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ERIC Number: ED579604
Record Type: Non-Journal
Publication Date: 2017
Pages: 157
Abstractor: As Provided
ISBN: 978-0-3553-1853-1
ISSN: EISSN-
Dual Enrollment for Low-Income Students: Exploring Student Perceptions
Felder, Theresa B.
ProQuest LLC, Ed.D. Dissertation, Northeastern University
Most educators are keenly aware that a high socioeconomic status (SES) equates to better academic preparation than a low SES and high SES students are more likely to attain a college degree. One strategy for closing the higher education equity gap is to provide college-level courses to students while in high school through dual enrollment programs. These programs offer the opportunity for high school students to earn high school and college credit for courses taken at the high school, on a college campus, or online. Dual enrollment programs are an ideal way for students who have limited economic resources and have the ability to be successful in early college programs, to begin to work on their college degrees while still in high school. In most cases, these programs are free to the students, which saves students from potential college debt after matriculating to college. The researcher conducted a qualitative study that sought to gain an understanding of the experience of low-income students who participated in the dual enrollment program in Ohio and then matriculated to the community college that was associated with their dual enrollment participation. The study was guided by the overarching question, "What is the experience of low-income college students who participate in a dual enrollment program prior to matriculating to college?" This question was further defined by answering the following sub-questions: (1) As college students, what are the students' perceptions of their past experience as a dually enrolled high school student?; (2) How do the students perceive their transition to college in terms of their access to information and social supports as a result of participation in the dual enrollment program?; and (3) How do the students perceive their preparation for college academic success in terms of college readiness as a result of their participation in the dual enrollment program? The theoretical framework for this study was centered on Social Capital Theory and also utilized Conley's college readiness model as a conceptual framework for evaluating college readiness. As this study sought to understand the lived experiences of the participants, data were collected and analyzed using an interpretive phenomenological methodology. The findings from the study indicate that many of the low-income students underutilized the dual enrollment program, which limited the impact of the dual enrollment program on their social capital development and their overall college readiness. Reasons for the limited participation in the program adds to the literature that details common barriers to participation for low-income students. Policy implications and best practices for policy design are discussed in relation to the barriers identified in the study. [The dissertation citations contained here are published with the permission of ProQuest LLC. Further reproduction is prohibited without permission. Copies of dissertations may be obtained by Telephone (800) 1-800-521-0600. Web page: http://www.proquest.com/en-US/products/dissertations/individuals.shtml.]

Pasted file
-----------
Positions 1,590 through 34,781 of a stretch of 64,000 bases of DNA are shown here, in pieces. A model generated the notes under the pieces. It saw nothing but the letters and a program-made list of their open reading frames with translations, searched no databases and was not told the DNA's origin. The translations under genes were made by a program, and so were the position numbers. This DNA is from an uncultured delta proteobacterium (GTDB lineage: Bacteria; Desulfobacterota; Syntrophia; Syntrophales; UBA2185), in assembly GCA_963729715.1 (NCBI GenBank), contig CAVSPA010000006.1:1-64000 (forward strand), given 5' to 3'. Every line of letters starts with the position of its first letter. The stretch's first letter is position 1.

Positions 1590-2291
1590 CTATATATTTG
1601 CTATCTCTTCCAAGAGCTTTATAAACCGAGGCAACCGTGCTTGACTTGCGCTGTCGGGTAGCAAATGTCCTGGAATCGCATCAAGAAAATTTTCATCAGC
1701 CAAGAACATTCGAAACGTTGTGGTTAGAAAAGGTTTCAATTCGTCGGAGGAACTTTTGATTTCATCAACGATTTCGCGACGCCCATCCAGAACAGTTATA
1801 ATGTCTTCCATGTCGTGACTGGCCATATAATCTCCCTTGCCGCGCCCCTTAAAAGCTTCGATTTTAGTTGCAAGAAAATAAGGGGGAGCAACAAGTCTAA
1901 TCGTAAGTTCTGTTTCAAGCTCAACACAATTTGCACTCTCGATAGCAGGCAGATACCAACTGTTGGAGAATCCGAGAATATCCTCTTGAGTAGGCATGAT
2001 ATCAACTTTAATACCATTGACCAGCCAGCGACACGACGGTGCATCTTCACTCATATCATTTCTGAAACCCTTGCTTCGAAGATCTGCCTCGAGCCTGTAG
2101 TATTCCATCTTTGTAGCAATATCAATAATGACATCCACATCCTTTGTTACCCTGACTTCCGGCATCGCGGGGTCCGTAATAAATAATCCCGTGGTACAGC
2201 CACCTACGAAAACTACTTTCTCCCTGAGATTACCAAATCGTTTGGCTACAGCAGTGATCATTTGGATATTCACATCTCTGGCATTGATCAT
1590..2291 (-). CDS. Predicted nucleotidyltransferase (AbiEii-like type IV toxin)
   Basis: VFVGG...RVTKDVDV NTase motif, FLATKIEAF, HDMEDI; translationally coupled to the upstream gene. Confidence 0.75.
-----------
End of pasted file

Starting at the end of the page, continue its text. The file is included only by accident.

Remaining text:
ProQuest LLC. 789 East Eisenhower Parkway, P.O. Box 1346, Ann Arbor, MI 48106. Tel: 800-521-0600; Web site: http://www.proquest.com/en-US/products/dissertations/individuals.shtml
Publication Type: Dissertations/Theses - Doctoral Dissertations
Education Level: High Schools
Audience: N/A
Language: English
Sponsor: N/A
Authoring Institution: N/A
Identifiers - Location: Ohio